Protein During Pregnancy

Protein plays an extremely important part in your pregnancy and the development of your baby. The amino acids which make up protein also form the basic building blocks of your body’s cells — which in turn also form the building blocks of your baby’s body too. During the second and third trimester is when you should make sure your protein levels are where they should be, especially as this is when your baby will be growing it’s fastest and that means placing more demand on you for all his/her essential nutrients.
How much protein do you need during pregnancy?
It is recommended that during your pregnancy you should be consuming around 70 grams of protein per day, which is only about 25 grams more than what you would have needed prior to your pregnancy. The good news is that the average woman in America eats more than the recommended amount everyday and so you are probably already getting enough protein. If you don’t eat meat, which is one of the main sources of protein – but definitely not the only, you will need to be sure that you are getting your protein requirements from other sources
Good sources of protein
There are many different sources of protein, so you shouldn’t really get bored with what you are eating. Foods such as beans, meat, poultry, eggs, milk, cheese, tofu, and yogurt, just to name a few. A good way to ensure that your protein intake is sufficient is to eat three or four servings of protein a day. Each food portion listed below is the equivalent of one serving, which is about 20 grams of protein: Beans, Nuts & Legumes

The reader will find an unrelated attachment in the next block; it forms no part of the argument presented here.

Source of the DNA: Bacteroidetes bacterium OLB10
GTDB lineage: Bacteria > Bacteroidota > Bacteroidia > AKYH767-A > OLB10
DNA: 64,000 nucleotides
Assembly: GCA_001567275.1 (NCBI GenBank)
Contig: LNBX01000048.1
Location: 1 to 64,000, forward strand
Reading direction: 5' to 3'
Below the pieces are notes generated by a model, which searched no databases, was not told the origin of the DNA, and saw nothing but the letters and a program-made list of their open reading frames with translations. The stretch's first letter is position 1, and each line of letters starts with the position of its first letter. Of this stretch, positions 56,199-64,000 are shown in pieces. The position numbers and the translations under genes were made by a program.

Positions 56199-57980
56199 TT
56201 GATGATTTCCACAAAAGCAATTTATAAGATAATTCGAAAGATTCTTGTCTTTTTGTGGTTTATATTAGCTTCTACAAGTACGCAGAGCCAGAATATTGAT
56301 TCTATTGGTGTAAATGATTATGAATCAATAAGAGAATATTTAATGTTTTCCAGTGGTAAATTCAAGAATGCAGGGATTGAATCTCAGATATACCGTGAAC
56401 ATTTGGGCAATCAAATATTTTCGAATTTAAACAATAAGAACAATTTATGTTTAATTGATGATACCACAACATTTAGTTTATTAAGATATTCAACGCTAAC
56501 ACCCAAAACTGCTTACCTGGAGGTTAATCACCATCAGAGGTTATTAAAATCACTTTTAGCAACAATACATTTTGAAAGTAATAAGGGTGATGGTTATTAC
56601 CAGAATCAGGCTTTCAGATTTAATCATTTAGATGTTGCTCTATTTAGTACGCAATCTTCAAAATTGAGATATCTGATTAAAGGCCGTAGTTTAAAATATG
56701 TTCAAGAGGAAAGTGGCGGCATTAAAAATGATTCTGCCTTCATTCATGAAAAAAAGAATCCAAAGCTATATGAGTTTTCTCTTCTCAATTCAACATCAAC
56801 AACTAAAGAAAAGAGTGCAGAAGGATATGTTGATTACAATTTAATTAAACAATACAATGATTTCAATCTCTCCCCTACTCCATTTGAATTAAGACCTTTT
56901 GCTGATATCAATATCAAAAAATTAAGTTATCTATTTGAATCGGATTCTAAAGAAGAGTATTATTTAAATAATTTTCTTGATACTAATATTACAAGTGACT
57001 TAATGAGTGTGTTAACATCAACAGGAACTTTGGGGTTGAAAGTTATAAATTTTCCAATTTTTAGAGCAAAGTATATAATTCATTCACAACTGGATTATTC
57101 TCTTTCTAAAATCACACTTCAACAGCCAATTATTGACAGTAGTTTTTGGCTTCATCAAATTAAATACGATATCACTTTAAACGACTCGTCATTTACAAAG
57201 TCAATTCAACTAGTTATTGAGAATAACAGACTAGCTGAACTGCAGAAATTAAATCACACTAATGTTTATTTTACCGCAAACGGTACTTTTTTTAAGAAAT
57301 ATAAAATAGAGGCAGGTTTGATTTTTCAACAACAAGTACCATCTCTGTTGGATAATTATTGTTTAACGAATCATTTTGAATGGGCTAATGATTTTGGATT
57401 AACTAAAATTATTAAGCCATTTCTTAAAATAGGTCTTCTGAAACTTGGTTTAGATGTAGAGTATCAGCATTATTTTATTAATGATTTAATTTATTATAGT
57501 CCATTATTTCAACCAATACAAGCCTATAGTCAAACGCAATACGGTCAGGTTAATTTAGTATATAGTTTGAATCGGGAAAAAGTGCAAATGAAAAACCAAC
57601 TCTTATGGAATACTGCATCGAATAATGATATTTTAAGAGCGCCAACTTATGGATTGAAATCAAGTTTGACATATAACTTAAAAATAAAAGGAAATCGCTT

• 1 cup firm tofu or 1 1/4 cup soft tofu
  • 5 or 6 tablespoons peanut butter
  • 3 oz. peanuts
  • 1 1/2 cups cooked beans such as: chickpeas, kidney beans, baked beans, pinto beans, refried beans, lentils or black beans
  • three 8-oz. glasses soy milk
  • 2/3 cup cottage cheese
  • 2 cups yogurt
  • 3 oz. Swiss, cheddar or most other cheeses
  • 2 oz. Parmesan cheese
  • 3 large eggs
  • two and a half 8-oz. glasses milk
Meat and fish
  • 3 oz. chicken, turkey, beef, lamb, pork, or veal
  • 3 oz. salmon, trout, or tilapia
  • 17 large shrimp or 1 1/2 cups baby shrimp
  • 3 1/2 oz. lobster meat
  • 3 1/2 oz. crab meat
  • 3 oz. canned clams
Take Note: Not all fish is considered safe to consume during your pregnancy. Some predator fish contain methylmercury, a metal believed to be harmful in high doses to the growing brains of fetuses and young children. These fish include:
  • Shark
  • Swordfish
  • King mackerel
  • Tilefish
  • Tuna
For more information on fish during pregnancy, read our article on eating fish during pregnancy.
Protein During Pregnancy

Please note: The information provided on this website is not intended to and do not constitute professional medical advice, diagnosis, or treatment. Always seek the advice of your physician or other qualified health provider with any questions you may have regarding a medical condition. Never disregard professional medical advice or delay in seeking it because of something you have read on this website.